“That’s true,” Sionis interjected. “She’d never be allowed. That doesn’t mean she couldn’t do it anyway. Just one shot. That’s all she would need to take out half of Booty Bay.”

       The Baron laughed. He cracked a wide smile and wiggled the tip of his dagger at the mage and then gave a long relaxed laugh. “You, Sionis, I like you a lot.”

       Sionis raised his brow. “Well?”

       “Well, I think you’ve got yourself a deal. You help me deal with my competition, on your own terms, and the Steamwheedle Cartel will release you of your crimes against us.”

       “I accept the offer,” Sionis replied.

       Iliera remained silent.

       The Baron looked her over and his smile faded again. “You’re a serious one. I can respect that. You’ve done a lot of fighting in your life. I looked into your background too. It was harder to find since you’re not from… around here. I admit I’m more scared of you than I am the mage.”

       “Thank you,” Iliera said, no sign of humor showing. It almost made Sionis laugh.

       “So what say you?” the Baron pressed. “This is a one time offer and it requires the two of you to accept. I’m not letting just one of you off the hook.”

       “I want the wand.”


       Iliera relaxed a little bit. “You have a wand that belongs to a friend of mine. I want it back.”

       “Oh right, the wand,” Revilgaz said, the smile returning to his green face. “You know what? That’s a fair request, Iliera. I’ll throw in the wand you thought so important to come all this way in the first place.”

       Sionis kept his best poker face, but that would have likely been worth the cost alone. He had completely forgotten about it in all of this nonsense, but Iliera was here playing the game to her favor.

       He loved her for it.

       Of course, Iliera still didn’t agree.

       For a moment, the mage started to worry. Iliera had become steadfast in her decisions lately and she might just throw this opportunity away without thinking through the ramifications. He wanted to express that, as best he could, with a gentle facial expression, but by now Iliera’s glowing eyes were locked on the goblin in front of her.

       Sionis looked to him and saw that the Baron’s hand had tightened on the hilt of the dagger while he continued to stare right back at the Draenei. The two of them had become entangled in some kind of soul-searching stare and Sionis wasn’t sure what was about to unfold.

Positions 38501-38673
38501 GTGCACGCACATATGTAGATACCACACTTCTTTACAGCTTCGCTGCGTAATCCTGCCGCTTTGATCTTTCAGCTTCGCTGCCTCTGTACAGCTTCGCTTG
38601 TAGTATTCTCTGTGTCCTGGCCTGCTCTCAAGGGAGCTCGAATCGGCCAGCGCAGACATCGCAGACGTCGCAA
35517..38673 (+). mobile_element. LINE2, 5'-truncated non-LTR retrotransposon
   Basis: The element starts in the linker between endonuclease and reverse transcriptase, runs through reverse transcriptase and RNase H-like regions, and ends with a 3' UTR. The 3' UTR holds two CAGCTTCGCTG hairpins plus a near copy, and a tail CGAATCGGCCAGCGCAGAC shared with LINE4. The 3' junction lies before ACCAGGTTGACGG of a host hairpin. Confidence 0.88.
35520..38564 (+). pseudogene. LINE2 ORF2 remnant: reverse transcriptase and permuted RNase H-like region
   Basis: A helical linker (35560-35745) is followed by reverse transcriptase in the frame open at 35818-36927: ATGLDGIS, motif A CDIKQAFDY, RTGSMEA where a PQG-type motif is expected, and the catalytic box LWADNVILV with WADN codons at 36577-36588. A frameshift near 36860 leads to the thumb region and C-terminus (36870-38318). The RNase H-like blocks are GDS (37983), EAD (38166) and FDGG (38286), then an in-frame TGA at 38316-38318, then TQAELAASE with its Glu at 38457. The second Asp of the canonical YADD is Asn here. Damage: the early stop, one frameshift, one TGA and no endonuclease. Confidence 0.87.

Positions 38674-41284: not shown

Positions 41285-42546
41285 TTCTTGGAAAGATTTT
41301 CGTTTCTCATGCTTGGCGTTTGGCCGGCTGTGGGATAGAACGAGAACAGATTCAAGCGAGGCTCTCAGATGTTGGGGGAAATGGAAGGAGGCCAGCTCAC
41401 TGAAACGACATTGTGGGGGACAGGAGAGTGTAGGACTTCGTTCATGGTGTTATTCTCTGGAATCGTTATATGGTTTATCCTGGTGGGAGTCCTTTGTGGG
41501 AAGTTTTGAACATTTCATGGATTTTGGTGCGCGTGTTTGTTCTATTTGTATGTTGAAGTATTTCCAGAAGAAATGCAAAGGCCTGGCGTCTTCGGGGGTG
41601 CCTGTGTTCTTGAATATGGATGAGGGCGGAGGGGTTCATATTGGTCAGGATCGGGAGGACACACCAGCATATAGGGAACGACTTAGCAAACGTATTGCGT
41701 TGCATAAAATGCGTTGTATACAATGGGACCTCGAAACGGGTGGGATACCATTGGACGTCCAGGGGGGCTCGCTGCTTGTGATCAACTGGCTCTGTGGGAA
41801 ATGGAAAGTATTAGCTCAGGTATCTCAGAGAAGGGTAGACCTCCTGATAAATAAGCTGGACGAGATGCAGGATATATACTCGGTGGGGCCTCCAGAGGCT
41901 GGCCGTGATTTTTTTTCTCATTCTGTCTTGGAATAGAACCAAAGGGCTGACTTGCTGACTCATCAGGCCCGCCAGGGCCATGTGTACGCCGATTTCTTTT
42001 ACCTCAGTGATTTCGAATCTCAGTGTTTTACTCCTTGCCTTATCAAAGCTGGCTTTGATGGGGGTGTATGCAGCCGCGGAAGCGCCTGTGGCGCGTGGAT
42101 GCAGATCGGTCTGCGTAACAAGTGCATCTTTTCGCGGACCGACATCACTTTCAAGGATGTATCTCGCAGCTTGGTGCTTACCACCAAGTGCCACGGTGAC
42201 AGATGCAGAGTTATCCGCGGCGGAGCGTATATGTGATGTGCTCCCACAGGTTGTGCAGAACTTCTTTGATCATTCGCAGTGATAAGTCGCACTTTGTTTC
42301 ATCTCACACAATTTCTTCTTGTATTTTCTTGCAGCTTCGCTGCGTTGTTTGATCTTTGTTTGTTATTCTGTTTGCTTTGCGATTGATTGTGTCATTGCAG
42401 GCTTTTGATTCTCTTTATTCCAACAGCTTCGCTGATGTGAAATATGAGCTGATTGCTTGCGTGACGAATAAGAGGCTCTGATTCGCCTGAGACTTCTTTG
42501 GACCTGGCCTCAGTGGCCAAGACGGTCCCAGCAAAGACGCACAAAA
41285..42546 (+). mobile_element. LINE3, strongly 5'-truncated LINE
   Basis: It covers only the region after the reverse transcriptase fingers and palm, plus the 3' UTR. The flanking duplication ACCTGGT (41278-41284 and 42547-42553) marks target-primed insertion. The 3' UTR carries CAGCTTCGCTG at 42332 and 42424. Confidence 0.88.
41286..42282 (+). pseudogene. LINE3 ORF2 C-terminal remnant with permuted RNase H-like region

When no one had spoken for over ten seconds, Sionis decided to flex his hands, preparing to weave the first magical spell if this all went south.

       Then, thankfully, Iliera spoke.

       “I accept your offer, Baron Revilgaz,” she answered, emphasizing each syllable.

       The Baron smiled, slowly this time, and his grip relaxed once more. “That is good news. I gotta admit, this has been one of my more interesting meetings as of late.”

       “We thank you for your time,” Sionis said. “I assume you’ll have someone else arrange a list of the organizations and locations where we need to concentrate our efforts?”

       “That’s right,” the Baron said. “I’ll get someone on it this evening. For the time being, you go ahead and stay here at the tavern tonight. We’ll get everything sorted out and have you on your way in no time.”

       The Baron turned from them and started making his way back around his large desk. As he did so, the doors to his office opened and one of the Tauren from earlier stepped up, taking each of them by an arm.

       “Release me, if you wish to live,” Iliera said, her voice as cold as Sionis had ever heard it.

       The Tauren did as she said without hesitation. “I’ll show you to your room,” he added, clearly flustered by her tone.

       “Thank you,” Sionis said, offering a smile. “It’s been a long day. We could use the rest.”

       As the pair walked behind the Tauren they met eyes for a brief moment and Sionis saw the concern on Iliera’s face. He tried to convey, silently, that everything was going to be okay, even if they had a new problem to deal with. They had done it before, they would do it again.

       Everything would be fine.